Moderate rainstorm 'just the beginning' of mudslide worries, county official says
L.A. County firefighter Steve Clemmens stood under the awning of a doughnut shop in La Crescenta early this morning, staring out into the dark as rain poured down. The wet pavement shimmered as traffic signals changed and large trucks and police cruisers rumbled past.
Although residents and officials were worried overnight about possible mudslides, as sunrise — and the end of Clemmens' all-night shift — neared, the rain and its accompanying concerns seemed to subside.
Clemmens lauded the efforts of officials who helped notify residents in high-risk areas, cleaned out debris basins and delivered thousands of feet of concrete beams, known as K-rails, and sandbags to threatened neighborhoods.
"It looks like they knew what they were doing," said Clemmens, who has been with the county fire department for 23 years. He noticed how clear the water was that flowed down the edge of Rosemont Avenue. "It doesn't mean somebody doesn't have six inches of mud in their backyard," he said. "It just means it's not in the street."
It helped that the rainfall was steady and not particularly heavy, said Gary Boze, a spokesman for the L.A. County Public Works Department.
"I think where we got a break was it didn't come down in the amount or duration that could have caused much more possibility of mud flows and debris flows," Boze said.
Preparing for winter rains is an annual project, he said, but the Station fire that burned in Angeles National Forest in August and September made it more complex. The department contacted and helped prepare nearly 350 property owners in recent weeks, notifying them of the high potential for mudslides, he said.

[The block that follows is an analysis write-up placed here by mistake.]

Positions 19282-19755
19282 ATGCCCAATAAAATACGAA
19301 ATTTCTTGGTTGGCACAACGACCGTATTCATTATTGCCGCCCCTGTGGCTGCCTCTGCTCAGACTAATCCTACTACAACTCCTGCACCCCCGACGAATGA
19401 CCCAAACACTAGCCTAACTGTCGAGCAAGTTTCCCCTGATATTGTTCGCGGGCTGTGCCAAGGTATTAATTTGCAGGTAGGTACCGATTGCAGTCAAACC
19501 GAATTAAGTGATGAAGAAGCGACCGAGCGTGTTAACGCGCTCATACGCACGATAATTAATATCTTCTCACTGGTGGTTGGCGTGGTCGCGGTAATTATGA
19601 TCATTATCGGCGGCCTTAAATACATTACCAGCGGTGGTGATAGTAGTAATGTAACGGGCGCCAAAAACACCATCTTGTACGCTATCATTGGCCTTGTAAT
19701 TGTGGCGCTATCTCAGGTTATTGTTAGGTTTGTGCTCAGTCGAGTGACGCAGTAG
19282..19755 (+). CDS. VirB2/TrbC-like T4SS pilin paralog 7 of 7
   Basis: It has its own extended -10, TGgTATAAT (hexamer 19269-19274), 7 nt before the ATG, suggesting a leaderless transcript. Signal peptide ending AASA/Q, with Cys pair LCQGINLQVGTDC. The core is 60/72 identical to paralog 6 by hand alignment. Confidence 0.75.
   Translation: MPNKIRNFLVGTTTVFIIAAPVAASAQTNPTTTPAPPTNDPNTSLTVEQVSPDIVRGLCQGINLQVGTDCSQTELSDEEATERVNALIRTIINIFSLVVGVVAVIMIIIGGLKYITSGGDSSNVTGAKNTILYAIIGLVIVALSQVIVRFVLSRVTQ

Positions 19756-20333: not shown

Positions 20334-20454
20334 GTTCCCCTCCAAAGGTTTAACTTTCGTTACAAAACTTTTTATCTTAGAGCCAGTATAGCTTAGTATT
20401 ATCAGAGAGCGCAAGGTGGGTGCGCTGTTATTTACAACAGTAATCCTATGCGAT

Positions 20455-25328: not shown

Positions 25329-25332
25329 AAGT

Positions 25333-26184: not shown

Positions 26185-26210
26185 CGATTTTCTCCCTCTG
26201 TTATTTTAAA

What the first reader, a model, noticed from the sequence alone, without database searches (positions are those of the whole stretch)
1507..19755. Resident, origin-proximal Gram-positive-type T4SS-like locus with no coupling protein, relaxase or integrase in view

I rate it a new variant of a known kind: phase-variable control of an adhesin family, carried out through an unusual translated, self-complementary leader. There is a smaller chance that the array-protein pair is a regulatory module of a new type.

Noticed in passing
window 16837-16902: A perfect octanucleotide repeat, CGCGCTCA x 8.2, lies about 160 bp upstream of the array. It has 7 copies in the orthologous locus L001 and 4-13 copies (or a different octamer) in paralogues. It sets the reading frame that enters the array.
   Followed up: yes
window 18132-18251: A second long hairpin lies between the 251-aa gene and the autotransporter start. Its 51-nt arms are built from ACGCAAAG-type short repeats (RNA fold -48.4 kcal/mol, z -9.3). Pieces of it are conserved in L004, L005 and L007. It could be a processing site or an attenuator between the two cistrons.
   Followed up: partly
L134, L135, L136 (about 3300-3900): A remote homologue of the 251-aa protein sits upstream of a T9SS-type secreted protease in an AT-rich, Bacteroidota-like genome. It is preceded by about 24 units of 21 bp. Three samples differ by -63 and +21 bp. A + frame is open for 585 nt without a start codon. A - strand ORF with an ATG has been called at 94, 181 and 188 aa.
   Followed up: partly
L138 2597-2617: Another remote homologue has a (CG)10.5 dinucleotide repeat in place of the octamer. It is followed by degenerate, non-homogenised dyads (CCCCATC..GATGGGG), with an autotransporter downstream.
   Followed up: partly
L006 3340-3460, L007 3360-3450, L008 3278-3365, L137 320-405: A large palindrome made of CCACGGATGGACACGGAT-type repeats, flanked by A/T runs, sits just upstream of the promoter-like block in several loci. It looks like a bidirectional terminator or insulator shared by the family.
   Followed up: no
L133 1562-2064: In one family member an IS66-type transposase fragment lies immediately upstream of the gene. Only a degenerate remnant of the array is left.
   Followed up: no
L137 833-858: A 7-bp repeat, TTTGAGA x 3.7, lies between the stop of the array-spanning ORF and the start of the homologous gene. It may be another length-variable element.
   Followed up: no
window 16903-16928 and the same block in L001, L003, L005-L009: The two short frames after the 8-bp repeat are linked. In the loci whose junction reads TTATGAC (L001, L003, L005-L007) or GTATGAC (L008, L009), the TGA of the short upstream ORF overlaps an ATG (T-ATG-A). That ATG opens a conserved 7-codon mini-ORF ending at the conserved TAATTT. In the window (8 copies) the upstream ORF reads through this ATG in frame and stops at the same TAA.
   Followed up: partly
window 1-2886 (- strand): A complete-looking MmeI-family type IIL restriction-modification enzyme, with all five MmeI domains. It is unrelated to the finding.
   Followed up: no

But just because no mudslides occurred this time around doesn't mean the danger has been averted, said Cpt. Mark Savage, a public information officer for the L.A. County Fire Department.
"Is this a one-time situation? No," said Savage. "This is going to be, most likely, throughout the wintertime, any time there is a significant storm prediction or storm coming in."
Flooding and debris flows can occur soon after fires, but officials noted it took three years after the Mills fire of 1975 before the area experienced mudslides.
"This is going to be an ongoing issue for all the people living in the burn area," Savage said. "Until there is significant [plant] growth, which might take over a year or two or three years, this could be an issue."
The L.A. County Public Works Department is estimating that many of the K-rails and other diversion materials positioned in foothill communities such as La Crescenta, La Cañada Flintridge and Glendale will stay in place for three to five years, Boze said.
Boze said his department has more work to do placing K-rails in Angeles National Forest and along roads such as Big Tujunga Canyon and Angeles Crest Highway.
"This rainstorm that is coming through now, this is a good warning," he said. "It's definitely not over yet. This is just the beginning."
-- Baxter Holmes in La Cañada Flintridge
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